According to a recent news feature from the News-Press, a 50-year-old woman in Naples, Florida was arrested last April on charges of suspected drunk driving. In that incident, police were called to the scene of serious car accident when the driver allegedly crashed her BMW into a Ford Mustang that was stopped at a red traffic signal. There was so much damage to her car that it was a total loss. Fortunately, nobody was injured in that serious drunk driving accident.
When police went to question the driver, they saw that woman was wearing a bikini and appeared to be heavily intoxicated. Police administered a series of standardized field sobriety tests (SFTS), and she allegedly failed all of the tests. She said that she was not drunk and could not stand on one foot “even on a good day.” Following the administration of field sobriety tests and general questioning, they asked her to take a roadside breath test (RBT), and she allegedly refused to provide a sample.
At this point, she was placed under arrest for suspicion of drunk driving. Her 10-year-old grandson was in the car at the time of the accident and can be seen in a police video giving his grandmother a hug before she is placed in the back of police transport vehicle. While it has not been reported if she was convicted or placed into some type of pretrial diversion for her drunk driving charges, she was placed on a period of probation, and, as one condition of her probation, she was ordered not to consume any alcohol for a period of one year.
While it is technically legal for a person over the age of 21 to consume alcohol, a judge has the power to prohibit a person from drinking as a condition of parole or probation. The reason for this is because probation or parole is essentially a contract. The defendant agrees to abide by a series of conditions to avoid going to jail or to be released from a state prison early.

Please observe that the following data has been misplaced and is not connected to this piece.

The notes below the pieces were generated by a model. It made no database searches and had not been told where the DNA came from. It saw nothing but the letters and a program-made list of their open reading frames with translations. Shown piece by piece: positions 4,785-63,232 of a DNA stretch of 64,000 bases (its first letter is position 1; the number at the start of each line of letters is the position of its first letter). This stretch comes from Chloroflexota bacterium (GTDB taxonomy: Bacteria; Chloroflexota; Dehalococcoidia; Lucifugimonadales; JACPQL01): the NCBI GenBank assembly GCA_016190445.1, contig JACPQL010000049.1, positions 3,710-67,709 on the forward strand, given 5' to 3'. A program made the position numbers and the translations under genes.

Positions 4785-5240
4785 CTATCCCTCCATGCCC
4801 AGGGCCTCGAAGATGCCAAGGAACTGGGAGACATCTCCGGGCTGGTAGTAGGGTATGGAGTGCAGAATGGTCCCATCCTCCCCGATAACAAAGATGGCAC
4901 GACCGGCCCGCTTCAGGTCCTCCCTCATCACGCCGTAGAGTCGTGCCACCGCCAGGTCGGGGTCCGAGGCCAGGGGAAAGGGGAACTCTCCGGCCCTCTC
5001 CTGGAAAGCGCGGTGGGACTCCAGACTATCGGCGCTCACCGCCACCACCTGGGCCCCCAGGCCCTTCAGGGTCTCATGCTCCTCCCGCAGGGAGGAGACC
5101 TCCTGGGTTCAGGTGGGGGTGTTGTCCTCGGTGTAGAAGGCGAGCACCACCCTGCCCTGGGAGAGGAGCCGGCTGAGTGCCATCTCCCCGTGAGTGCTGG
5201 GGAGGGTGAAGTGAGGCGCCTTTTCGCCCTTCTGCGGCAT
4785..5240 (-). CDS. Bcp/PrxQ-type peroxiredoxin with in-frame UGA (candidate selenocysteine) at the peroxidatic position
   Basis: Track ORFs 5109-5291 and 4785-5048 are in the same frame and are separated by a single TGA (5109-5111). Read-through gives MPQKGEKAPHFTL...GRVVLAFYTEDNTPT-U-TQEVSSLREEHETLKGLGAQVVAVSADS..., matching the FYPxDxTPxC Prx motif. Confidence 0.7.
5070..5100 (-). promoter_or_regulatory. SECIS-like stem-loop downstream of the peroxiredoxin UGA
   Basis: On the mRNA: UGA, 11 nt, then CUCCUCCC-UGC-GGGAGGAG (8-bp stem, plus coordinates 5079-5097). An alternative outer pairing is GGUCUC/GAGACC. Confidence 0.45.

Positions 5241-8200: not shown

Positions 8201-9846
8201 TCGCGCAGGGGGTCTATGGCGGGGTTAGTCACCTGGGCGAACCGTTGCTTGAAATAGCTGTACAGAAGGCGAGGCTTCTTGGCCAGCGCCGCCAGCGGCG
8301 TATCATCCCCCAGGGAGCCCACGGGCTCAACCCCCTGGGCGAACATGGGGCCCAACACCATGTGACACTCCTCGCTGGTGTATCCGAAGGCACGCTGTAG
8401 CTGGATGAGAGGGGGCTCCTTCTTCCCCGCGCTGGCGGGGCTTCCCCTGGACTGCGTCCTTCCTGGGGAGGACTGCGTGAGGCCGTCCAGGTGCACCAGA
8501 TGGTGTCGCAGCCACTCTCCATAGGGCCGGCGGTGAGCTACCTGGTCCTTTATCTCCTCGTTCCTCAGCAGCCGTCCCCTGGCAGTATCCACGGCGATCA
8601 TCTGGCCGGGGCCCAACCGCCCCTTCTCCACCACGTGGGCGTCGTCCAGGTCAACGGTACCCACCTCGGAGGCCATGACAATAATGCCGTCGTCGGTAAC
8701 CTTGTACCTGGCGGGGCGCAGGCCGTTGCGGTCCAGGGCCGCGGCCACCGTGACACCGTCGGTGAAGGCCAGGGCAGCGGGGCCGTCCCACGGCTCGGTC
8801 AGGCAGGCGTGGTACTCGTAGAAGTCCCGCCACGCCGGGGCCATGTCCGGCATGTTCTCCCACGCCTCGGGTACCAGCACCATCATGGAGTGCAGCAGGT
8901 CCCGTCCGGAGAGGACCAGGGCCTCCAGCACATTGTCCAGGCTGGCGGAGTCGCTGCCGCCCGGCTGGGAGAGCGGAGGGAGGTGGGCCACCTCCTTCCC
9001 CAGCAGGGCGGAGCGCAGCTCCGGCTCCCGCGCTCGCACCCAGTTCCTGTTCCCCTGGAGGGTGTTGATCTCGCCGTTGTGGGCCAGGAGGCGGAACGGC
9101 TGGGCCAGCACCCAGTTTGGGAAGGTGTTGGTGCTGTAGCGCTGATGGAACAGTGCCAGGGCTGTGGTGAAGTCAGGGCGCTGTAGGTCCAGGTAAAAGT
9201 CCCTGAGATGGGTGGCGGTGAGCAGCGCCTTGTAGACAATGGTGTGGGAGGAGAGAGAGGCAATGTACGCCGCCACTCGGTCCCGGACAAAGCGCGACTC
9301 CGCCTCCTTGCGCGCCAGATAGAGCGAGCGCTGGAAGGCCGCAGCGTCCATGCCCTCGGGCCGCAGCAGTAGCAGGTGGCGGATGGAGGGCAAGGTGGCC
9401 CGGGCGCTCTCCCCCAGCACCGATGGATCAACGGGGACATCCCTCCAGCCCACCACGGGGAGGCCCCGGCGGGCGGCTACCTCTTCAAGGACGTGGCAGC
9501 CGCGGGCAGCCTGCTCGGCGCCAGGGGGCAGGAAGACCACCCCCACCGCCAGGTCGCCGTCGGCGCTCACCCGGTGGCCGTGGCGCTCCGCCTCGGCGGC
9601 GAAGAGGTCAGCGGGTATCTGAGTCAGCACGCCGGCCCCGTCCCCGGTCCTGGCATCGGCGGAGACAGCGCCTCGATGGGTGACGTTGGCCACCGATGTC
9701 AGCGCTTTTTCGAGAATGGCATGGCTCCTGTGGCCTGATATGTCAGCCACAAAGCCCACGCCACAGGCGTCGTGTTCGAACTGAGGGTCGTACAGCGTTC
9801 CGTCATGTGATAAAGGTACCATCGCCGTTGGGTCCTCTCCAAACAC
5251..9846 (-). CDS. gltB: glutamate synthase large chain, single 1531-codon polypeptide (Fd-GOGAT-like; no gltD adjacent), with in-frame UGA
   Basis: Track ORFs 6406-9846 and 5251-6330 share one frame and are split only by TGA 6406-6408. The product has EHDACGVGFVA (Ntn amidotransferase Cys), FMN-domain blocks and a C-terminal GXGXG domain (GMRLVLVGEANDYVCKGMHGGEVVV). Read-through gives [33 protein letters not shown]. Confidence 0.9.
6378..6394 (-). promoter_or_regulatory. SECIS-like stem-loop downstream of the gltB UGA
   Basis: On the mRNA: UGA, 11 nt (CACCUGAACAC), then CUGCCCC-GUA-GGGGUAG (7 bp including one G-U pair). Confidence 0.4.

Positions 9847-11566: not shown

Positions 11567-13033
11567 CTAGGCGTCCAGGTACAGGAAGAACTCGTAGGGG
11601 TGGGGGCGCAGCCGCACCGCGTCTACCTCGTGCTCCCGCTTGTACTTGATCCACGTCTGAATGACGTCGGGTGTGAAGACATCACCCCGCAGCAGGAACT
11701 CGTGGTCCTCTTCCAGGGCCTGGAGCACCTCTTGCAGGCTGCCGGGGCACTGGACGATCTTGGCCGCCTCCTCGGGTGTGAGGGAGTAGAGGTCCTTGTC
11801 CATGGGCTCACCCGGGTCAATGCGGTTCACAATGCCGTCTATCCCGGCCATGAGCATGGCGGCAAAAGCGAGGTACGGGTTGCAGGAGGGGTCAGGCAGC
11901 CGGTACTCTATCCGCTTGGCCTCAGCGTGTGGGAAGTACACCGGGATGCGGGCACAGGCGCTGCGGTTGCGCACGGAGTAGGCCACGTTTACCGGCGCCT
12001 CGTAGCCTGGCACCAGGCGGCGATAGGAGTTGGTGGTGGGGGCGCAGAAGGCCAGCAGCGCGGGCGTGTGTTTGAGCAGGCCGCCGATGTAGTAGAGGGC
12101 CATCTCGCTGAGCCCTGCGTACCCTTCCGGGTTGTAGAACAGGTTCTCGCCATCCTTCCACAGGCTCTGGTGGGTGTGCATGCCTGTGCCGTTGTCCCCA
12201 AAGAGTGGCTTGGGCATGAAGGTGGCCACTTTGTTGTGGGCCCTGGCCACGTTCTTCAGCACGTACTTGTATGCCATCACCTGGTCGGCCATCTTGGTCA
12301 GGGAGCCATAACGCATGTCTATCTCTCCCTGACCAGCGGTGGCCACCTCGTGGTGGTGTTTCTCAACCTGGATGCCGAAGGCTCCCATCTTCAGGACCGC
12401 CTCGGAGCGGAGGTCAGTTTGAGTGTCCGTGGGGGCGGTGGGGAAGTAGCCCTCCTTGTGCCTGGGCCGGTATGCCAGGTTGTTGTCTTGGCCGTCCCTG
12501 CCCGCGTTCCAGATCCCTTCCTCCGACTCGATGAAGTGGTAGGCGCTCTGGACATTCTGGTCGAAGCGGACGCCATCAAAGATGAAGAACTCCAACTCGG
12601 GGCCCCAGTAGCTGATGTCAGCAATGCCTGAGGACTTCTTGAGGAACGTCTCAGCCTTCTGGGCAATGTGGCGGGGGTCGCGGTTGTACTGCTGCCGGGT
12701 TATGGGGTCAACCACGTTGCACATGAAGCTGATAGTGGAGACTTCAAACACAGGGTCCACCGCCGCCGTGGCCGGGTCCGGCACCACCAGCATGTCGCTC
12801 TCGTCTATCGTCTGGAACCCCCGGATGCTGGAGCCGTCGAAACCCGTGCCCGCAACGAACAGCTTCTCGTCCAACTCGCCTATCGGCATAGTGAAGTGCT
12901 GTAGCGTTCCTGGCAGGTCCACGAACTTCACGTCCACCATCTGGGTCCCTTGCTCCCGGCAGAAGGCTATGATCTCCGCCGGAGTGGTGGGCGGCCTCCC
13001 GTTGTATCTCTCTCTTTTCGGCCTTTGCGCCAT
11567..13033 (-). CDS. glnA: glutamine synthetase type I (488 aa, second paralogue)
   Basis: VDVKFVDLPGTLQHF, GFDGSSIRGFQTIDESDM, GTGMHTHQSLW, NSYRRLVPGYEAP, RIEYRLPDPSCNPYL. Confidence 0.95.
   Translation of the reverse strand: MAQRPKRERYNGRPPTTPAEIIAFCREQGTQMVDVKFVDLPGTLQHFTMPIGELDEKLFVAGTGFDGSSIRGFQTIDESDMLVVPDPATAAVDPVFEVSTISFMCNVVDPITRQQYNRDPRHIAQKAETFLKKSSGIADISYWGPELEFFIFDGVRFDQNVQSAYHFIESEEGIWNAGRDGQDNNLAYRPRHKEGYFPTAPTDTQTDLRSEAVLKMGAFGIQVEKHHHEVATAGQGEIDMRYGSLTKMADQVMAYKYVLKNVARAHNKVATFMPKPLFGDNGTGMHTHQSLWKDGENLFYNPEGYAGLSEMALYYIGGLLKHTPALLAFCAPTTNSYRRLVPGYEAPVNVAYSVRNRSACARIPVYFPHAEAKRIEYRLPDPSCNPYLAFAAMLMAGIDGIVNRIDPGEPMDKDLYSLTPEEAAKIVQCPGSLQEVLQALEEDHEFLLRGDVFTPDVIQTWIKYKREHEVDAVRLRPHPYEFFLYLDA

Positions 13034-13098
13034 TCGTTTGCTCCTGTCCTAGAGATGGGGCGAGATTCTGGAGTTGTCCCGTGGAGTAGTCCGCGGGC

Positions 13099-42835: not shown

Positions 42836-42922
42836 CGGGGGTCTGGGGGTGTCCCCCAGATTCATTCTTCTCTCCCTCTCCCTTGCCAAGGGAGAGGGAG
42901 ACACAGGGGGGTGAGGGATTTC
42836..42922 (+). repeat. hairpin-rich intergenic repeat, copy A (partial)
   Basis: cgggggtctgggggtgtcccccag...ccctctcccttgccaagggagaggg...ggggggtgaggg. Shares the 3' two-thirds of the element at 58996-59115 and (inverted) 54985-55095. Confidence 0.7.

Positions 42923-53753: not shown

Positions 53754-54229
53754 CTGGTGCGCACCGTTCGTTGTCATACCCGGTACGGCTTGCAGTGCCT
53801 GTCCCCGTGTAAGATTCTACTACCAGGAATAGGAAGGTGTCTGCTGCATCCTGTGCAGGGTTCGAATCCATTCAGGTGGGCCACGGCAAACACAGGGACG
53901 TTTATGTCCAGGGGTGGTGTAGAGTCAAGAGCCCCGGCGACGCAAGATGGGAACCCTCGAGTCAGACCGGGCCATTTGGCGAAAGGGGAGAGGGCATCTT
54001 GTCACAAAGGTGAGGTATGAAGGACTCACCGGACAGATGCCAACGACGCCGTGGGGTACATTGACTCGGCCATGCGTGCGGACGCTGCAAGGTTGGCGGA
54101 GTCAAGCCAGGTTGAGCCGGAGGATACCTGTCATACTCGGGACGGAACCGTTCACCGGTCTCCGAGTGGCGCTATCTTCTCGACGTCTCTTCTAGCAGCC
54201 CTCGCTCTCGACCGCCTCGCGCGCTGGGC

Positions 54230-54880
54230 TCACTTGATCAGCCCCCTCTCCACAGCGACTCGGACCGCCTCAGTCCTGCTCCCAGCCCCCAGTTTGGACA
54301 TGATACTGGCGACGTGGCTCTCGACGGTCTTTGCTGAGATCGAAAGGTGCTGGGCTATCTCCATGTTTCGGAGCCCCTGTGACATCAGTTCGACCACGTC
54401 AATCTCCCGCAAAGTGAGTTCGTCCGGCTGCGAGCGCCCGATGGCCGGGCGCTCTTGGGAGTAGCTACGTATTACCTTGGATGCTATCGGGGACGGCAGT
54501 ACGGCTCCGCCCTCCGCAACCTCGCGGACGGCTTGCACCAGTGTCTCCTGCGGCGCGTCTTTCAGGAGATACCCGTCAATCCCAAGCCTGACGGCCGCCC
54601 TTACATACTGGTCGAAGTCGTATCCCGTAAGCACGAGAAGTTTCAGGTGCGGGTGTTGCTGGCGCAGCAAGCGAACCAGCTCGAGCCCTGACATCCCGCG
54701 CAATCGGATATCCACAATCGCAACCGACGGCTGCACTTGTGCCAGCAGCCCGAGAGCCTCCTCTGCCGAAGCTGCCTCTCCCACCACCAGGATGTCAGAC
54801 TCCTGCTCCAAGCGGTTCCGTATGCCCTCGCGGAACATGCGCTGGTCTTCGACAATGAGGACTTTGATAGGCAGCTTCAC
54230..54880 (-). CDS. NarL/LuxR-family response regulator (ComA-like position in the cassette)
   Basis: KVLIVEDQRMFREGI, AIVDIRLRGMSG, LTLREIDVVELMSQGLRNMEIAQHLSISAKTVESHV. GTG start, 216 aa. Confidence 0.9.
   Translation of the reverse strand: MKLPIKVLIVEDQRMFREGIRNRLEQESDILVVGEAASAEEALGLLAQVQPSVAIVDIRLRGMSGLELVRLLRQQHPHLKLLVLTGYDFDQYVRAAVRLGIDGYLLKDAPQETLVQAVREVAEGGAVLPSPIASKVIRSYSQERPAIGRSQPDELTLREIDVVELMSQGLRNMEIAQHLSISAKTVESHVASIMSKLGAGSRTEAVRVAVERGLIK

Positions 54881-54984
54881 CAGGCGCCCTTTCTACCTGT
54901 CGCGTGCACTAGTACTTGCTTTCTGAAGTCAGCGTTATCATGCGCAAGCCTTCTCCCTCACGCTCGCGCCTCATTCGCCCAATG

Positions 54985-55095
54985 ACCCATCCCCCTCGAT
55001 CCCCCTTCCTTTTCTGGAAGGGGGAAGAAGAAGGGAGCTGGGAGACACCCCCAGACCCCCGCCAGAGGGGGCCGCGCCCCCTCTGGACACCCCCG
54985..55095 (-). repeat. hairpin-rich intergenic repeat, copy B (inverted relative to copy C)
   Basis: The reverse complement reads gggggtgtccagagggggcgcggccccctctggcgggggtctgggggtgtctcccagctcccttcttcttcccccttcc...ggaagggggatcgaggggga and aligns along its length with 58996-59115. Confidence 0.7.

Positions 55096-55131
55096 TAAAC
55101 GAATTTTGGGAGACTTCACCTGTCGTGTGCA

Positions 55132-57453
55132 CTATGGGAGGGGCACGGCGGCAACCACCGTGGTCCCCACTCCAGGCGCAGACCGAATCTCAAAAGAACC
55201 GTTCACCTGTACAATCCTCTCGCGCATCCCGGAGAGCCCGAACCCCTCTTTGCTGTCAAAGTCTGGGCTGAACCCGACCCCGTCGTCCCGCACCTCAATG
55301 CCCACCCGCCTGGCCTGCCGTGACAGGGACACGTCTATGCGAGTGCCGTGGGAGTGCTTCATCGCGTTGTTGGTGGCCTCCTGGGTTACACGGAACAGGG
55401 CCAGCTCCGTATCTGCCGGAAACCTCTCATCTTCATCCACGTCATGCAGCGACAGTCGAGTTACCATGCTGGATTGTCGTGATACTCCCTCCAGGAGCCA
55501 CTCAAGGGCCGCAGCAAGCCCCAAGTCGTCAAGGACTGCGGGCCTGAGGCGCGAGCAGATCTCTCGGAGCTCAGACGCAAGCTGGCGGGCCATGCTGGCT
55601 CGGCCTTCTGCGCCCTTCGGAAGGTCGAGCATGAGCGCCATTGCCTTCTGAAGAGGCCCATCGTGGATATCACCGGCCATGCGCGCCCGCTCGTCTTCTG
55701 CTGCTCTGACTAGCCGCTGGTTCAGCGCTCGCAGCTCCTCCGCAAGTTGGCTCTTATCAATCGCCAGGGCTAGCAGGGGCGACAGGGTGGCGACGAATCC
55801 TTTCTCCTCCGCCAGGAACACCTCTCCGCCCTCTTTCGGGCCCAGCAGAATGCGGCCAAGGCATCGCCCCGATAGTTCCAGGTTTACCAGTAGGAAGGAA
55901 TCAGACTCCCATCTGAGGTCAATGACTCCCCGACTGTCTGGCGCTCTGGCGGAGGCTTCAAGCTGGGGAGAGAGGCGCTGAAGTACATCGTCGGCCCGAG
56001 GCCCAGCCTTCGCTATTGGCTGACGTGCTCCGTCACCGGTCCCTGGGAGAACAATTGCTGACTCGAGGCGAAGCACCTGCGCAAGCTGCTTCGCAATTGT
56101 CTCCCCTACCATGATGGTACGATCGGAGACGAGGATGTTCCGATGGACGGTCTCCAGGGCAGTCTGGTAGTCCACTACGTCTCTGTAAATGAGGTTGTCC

For example, if a defendant was convicted in a serious drunk driving car accident in Boston, a judge could require defendant not to operate a motor vehicle after consuming any alcohol, or even not to drink at all. The defendant does not have to agree to these terms, but if he or she does not agree, the choice is to sit in jail or prison.
In the case of the “bikini grandma” as she is being called in the media, she was just arrested for drunk driving while she was on probation. This time, police did administer a breath test at the scene of the traffic stop, and she allegedly blew a .177. This is more than twice the legal limit of .08 grams of ethanol per 100 milliliters of blood.
She was giving a breath test at the station house, where she allegedly blew a .120, which is still significantly above the legal limit. She is currently being held in jail without bail, since she is alleged to have violated the terms of her probation. In these cases, the probation department will typically submit an alleged violation report, and the judge will be asked to revoke her parole and impose any suspended jail time. It should be noted that she has not been found guilty of drunk driving in connection with this second arrest and is presumed innocent unless and until she is convicted in a court of law.
If you or someone you love has been injured in a Boston drunk driving accident, call for a free and confidential appointment at 1-888-367-2900.
Remember the Naples DUI bikini grandma? Busted again., January 5, 2016, News- Press, By Ben Brasch
More Blog Entries:
Massachusetts is Mid-Level on Drunk Driving Prevention, June 19, 2015, Boston Drunk Driving Injury Lawyer Blog